Is constant digital access changing more than how we communicate?
by Alexa C. Kurzius
Women talk a lot, at least according to gospel of “Sex and the City.” As a woman and a millennial, I have learned many of my life lessons from watching that show. From the clothes to the men to the cosmos, the four fictional besties typically got together for meals and gabbed about everything. It was the late ’90s and cell phones were just becoming en vogue, but rarely did I see one at their dinner table. Yet I have to wonder, now 15 years since show began: if Carrie were a) real and b) living in 2013, would she be texting and emailing her way through dinner?
Today, we engage in a stream of texts, emails, phone calls, Skype calls, Facebook alerts and more, all flowing through our smartphones at a near constant rate. Barely afloat, I spend a large part of my day immersed in responding to these messages. Yet I often wonder — is this communication inundation affecting the strength and quality of our interpersonal relationships?
Scientists are studying the behaviors and attitudes we have toward our smart phones. Some, like clinical psychologist Sherry Turkle from the Massachusetts Institute of Technology (MIT) and author of the book Alone Together, liken our cell phone to a phantom limb. “They say they can just sense it,” she says of teens and adults in her TED talk when she speaks about the widely reported phenomenon. “They feel their phones vibrating even when they are not,” she says. Other researchers are less convinced, although nearly everyone agrees that the advent of new communications technologies is changing the way we communicate.
I’m certainly not the only one who is attached to her cell phone. Almost half of American women own a smartphone, according to The Pew Internet and American Life Project. The organization published a report on women and men’s behaviors and attitudes towards their phones in late 2012.
Both sexes tended to use their phones equally as much, with almost one third of survey respondents referring to their cell as something they can’t imagine living without. Yet this constant communication stream often makes us feel as if we must be reachable at any time, for better or for worse. “My favorite data point,” says Aaron Smith, a senior researcher with the Project, is that the “best and worst” thing people identified about their cell phones was “other people.” Smartphone owners in particular were more likely “to say that their phone makes it harder to give people their undivided attention.”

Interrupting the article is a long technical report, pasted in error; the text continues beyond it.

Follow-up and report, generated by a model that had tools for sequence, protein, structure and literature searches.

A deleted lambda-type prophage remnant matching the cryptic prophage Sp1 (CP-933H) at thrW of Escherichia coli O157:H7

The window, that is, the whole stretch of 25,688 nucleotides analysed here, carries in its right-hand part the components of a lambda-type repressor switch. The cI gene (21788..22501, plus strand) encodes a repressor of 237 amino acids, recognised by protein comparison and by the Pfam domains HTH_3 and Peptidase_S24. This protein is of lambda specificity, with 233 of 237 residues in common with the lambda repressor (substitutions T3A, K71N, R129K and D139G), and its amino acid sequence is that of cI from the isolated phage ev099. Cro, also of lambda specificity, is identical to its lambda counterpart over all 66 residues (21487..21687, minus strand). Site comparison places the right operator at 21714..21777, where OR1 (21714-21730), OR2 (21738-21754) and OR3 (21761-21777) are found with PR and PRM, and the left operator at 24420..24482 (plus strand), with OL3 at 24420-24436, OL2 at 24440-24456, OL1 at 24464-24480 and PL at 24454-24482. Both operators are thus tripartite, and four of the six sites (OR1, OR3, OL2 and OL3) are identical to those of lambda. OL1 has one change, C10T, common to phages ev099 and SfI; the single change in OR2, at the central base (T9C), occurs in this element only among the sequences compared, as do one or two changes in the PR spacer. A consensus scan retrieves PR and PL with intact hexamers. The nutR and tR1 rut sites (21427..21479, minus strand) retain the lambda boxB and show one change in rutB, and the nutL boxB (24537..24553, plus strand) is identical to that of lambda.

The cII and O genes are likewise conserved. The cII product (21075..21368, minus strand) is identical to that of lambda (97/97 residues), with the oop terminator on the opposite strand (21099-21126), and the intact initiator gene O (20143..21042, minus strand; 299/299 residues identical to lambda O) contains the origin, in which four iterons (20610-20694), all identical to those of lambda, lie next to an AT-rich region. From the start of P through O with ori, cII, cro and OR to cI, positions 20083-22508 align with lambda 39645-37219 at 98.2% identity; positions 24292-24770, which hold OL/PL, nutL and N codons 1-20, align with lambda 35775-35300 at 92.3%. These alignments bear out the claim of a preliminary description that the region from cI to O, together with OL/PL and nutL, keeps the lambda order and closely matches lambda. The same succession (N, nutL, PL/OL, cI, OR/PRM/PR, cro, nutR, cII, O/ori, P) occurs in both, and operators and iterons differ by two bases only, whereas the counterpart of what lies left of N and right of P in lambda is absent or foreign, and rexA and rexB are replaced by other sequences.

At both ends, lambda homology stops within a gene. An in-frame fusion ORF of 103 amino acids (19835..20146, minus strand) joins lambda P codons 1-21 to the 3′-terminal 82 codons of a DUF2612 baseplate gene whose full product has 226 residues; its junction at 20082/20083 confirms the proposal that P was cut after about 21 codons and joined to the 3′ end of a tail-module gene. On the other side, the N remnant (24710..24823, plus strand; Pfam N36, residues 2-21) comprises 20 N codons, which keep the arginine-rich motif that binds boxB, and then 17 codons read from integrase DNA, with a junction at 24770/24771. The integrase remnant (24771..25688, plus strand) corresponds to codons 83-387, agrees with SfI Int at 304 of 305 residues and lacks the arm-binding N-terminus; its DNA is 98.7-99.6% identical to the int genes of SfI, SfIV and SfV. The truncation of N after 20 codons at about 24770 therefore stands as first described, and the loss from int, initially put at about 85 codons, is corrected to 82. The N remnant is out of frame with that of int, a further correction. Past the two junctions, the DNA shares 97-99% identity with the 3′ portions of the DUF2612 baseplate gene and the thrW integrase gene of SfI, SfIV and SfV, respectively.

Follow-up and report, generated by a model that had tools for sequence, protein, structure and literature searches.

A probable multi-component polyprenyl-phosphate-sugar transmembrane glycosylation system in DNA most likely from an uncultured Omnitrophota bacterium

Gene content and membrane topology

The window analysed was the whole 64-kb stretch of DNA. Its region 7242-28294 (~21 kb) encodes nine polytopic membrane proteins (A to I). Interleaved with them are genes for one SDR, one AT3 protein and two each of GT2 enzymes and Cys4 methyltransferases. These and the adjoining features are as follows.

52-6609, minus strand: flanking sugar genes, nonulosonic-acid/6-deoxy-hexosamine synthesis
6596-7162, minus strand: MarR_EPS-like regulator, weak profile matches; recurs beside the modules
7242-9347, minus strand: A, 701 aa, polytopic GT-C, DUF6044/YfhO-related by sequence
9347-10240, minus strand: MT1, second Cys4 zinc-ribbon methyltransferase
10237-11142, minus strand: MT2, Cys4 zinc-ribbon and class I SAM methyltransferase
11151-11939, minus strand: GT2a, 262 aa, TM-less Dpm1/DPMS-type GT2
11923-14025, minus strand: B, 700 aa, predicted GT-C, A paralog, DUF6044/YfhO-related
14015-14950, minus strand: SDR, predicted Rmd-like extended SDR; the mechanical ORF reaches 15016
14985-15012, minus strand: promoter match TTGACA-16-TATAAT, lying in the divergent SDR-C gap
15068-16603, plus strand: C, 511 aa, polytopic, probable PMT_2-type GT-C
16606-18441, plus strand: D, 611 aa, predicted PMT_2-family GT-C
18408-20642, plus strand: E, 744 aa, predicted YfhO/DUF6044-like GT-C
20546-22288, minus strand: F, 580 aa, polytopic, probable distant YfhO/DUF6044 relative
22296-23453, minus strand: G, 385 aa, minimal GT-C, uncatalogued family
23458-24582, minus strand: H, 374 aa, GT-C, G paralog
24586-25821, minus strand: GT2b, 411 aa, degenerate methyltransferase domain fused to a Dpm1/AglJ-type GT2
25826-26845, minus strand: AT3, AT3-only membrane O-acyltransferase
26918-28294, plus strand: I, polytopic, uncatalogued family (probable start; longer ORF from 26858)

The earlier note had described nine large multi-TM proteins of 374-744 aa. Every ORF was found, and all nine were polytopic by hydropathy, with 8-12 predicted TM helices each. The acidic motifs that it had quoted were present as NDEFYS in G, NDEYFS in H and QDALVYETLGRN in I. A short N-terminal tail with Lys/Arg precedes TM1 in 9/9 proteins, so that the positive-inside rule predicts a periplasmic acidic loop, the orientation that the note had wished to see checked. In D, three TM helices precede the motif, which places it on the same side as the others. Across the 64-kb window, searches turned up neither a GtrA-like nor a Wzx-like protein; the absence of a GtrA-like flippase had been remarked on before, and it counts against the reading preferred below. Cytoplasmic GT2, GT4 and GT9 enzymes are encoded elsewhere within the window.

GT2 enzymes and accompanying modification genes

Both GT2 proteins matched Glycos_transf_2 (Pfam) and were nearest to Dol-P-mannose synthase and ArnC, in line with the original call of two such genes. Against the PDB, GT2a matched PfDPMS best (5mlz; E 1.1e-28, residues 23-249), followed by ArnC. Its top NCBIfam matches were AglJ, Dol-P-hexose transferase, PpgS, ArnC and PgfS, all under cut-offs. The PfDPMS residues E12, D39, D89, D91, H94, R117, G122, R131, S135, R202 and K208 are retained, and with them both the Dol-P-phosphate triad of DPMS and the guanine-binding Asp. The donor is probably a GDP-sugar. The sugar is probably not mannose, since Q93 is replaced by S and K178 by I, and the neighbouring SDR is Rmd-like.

Young women especially are phone-ophiles, as evident from another Pew report on teens and mobile use from 2010. Whether it’s texting, calling, or Internet surfing, teen girls are more active on their phones than teen boys. Older adolescent females, 14 to 17 years of age, text more than any other age group, sending and receiving around 100 a day. Comparing this behavior to phones calls, teen boys and girls make about five per day.
Accessibility is one issue but, more important, how does the constant presence of our cell phones affect the quality of communication? Researchers from the University of Essex in the United Kingdom recently tackled this question in their study inspired in part by Turkle’s work, as she has long studied the subjective relationship people have with technology.
In the Essex study, researchers randomly assigned two people to talk in a lab either when a cell phone was present or when it was absent. They were given conversation topics predetermined as either important (the most significant thing that happened in the past year) or unimportant (plastic holiday trees). Study participants then used rating scales to assess the levels of connectedness, closeness, trust, and empathy they felt towards their conversation partner.
When it came to unimportant conversations, the presence of the cell phone did not influence feelings of connectedness or closeness. However, for important conversations, people’s rating of trust and empathy towards their partners decreased when a cell phone was present. It “knocked the important conversations down to the level of unimportant,” says Andrew Przybylski, lead researcher for the study.
Although his after-the-fact speculations weren’t tested, Przybylski wonders if having the phone out “is priming people to think about other relationships they have.” If this kind of pattern holds up in the real world, he says, it’s because people invest a lot into their social lives and associate their wider social lives with their smart phones.